“The figures published by Mr. Chebukati are null and void and must be dealt with by the courts,” Odinga told a conference. “I would like to commend our supporters for keeping their composure and keeping the peace, and urge them to continue to do so, leaving no one to take the law into their own hands.”
“We are pursuing constitutional and legal channels and processes to rescind Mr. Chebukati’s illegal and unconstitutional claims,” he added.
His statement raised the specter of violence between his supporters and winners, which has plagued elections in the past. So far, apart from the scattered protests, Kenya has remained silent on the outcome.
Odinga’s statement could echo Kenya’s 2017 election results as his campaign challenged incumbent President Uhuru Kenyatta’s victory in the Supreme Court, which went on to claim the 2017 vote. illegal.
However, Kenyatta still won the re-election, after Odinga told his supporters not to vote on the grounds of distrust of the electoral authority. That period was marred by violent street protests and human rights abuses.
On Monday afternoon, while the country awaited the election results, one of Odinga’s top election officials, Saitabao Ole Kanchory said that they had reports that the voting system “was compromised and compromised. assault” and “several IEBC officials committed electoral crimes. “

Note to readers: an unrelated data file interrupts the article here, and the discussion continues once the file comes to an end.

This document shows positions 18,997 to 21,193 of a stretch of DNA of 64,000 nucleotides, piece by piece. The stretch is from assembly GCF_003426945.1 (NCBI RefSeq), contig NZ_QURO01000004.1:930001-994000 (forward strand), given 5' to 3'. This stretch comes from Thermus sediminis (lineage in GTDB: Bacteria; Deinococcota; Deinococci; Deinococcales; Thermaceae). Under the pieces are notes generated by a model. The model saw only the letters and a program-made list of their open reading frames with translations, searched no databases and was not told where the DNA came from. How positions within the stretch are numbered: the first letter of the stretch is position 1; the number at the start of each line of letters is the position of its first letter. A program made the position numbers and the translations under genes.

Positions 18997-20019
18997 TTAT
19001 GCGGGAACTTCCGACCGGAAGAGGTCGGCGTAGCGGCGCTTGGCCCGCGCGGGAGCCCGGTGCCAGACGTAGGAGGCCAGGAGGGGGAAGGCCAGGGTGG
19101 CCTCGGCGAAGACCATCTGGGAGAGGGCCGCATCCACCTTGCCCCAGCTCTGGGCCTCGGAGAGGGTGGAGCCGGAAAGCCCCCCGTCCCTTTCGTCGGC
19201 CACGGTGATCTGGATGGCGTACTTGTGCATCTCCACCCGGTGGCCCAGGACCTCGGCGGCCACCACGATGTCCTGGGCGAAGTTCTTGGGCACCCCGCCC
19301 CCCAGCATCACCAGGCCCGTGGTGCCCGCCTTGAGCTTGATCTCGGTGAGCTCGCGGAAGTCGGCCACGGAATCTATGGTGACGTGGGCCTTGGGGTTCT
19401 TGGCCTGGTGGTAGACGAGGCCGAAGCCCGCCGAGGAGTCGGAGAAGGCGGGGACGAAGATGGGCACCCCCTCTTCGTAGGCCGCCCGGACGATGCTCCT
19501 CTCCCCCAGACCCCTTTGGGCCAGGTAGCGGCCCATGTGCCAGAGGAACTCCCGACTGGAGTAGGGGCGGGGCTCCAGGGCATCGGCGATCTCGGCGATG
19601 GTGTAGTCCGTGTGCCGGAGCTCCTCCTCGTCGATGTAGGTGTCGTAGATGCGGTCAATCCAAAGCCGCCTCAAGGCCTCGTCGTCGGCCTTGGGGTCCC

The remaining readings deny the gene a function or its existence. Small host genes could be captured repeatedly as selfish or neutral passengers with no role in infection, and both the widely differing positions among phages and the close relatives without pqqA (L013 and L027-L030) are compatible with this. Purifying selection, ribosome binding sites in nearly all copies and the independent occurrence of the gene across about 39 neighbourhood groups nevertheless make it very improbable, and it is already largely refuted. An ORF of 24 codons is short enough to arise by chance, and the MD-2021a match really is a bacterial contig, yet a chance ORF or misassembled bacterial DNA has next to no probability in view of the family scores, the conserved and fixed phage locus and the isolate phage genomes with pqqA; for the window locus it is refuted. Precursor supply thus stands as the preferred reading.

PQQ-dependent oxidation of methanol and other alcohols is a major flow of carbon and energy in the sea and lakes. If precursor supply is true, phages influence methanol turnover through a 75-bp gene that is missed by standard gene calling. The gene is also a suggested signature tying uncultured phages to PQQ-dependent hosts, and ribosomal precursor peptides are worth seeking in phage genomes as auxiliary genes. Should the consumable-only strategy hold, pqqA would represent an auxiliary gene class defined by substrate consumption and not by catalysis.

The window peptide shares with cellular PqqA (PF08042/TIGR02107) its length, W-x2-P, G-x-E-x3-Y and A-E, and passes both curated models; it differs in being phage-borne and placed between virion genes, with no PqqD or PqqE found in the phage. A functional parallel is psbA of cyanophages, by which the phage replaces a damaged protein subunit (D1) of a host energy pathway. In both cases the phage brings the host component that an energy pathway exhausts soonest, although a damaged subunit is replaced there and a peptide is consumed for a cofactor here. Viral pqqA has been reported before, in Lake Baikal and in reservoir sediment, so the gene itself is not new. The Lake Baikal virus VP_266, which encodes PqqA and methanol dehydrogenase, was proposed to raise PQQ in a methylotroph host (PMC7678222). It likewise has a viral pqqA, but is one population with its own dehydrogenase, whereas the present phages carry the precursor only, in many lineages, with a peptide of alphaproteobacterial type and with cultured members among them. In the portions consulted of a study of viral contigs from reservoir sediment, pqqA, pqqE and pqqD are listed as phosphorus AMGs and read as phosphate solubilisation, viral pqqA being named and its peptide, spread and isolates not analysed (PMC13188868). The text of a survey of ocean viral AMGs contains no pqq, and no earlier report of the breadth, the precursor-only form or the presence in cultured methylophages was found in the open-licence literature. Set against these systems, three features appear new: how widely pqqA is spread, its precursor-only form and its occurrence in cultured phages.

Minutes before the results were announced, four of Kenya’s seven election commissioners said they would not side with the election results. In a press conference Tuesday, they said the results were announced by the chair before all trustees had a chance to consult on the statements and objections raised by the parties. .
The problem that we have is with the process,” commissioner Justus Nyang’aya said in a meeting shortly before Odinga’s press conference. “If that is not determined by the trustees it remains the duties, roles and responsibilities of only one person on the board.”
Monday’s announcement of victory for Ruto has his supporters celebrating across the country. In the town of Ngong, on the outskirts of Nairobi, drivers honked their horns and formed processions on the road as they celebrated. Meanwhile, in Ruto’s hometown of Sugoi, the people celebrate late into the night.
In the western Kenyan city of Kisumu, a pro-Odinga establishment, protesters burned tires in the streets, blocking the road with stones before police dispersed them.
This was supposed to be Odinga’s last attempt at the presidency. This is the 77-year-old’s fifth attempt at the top job.
The country’s most severe electoral violence occurred with Odinga’s narrow 2007 loss to Mwai Kibaki – also amid allegations of vote rigging. Post-election violence left more than 1,000 people dead and more than 5,000 displaced.
In Kibera, a Nairobi slum that is considered Odinga’s stronghold, the days before that, the crowds that had gathered to watch the live broadcasts waiting for the results had now dispersed. “The announcement is disappointing, whatever Odinga says is what we will do, he is our leader. We trust his judgment for the road ahead,” said Job Owino, a supporter.
Mercy Wanjiru, 30, a resident of Mathare who was displaced during the 2007 post-election riots, said she was happy with Ruto’s victory and hoped that Odinga would make concessions to avoid a repeat of the violence. force.
“We have a country to build,” she said. “Now is the time to heal and move on.”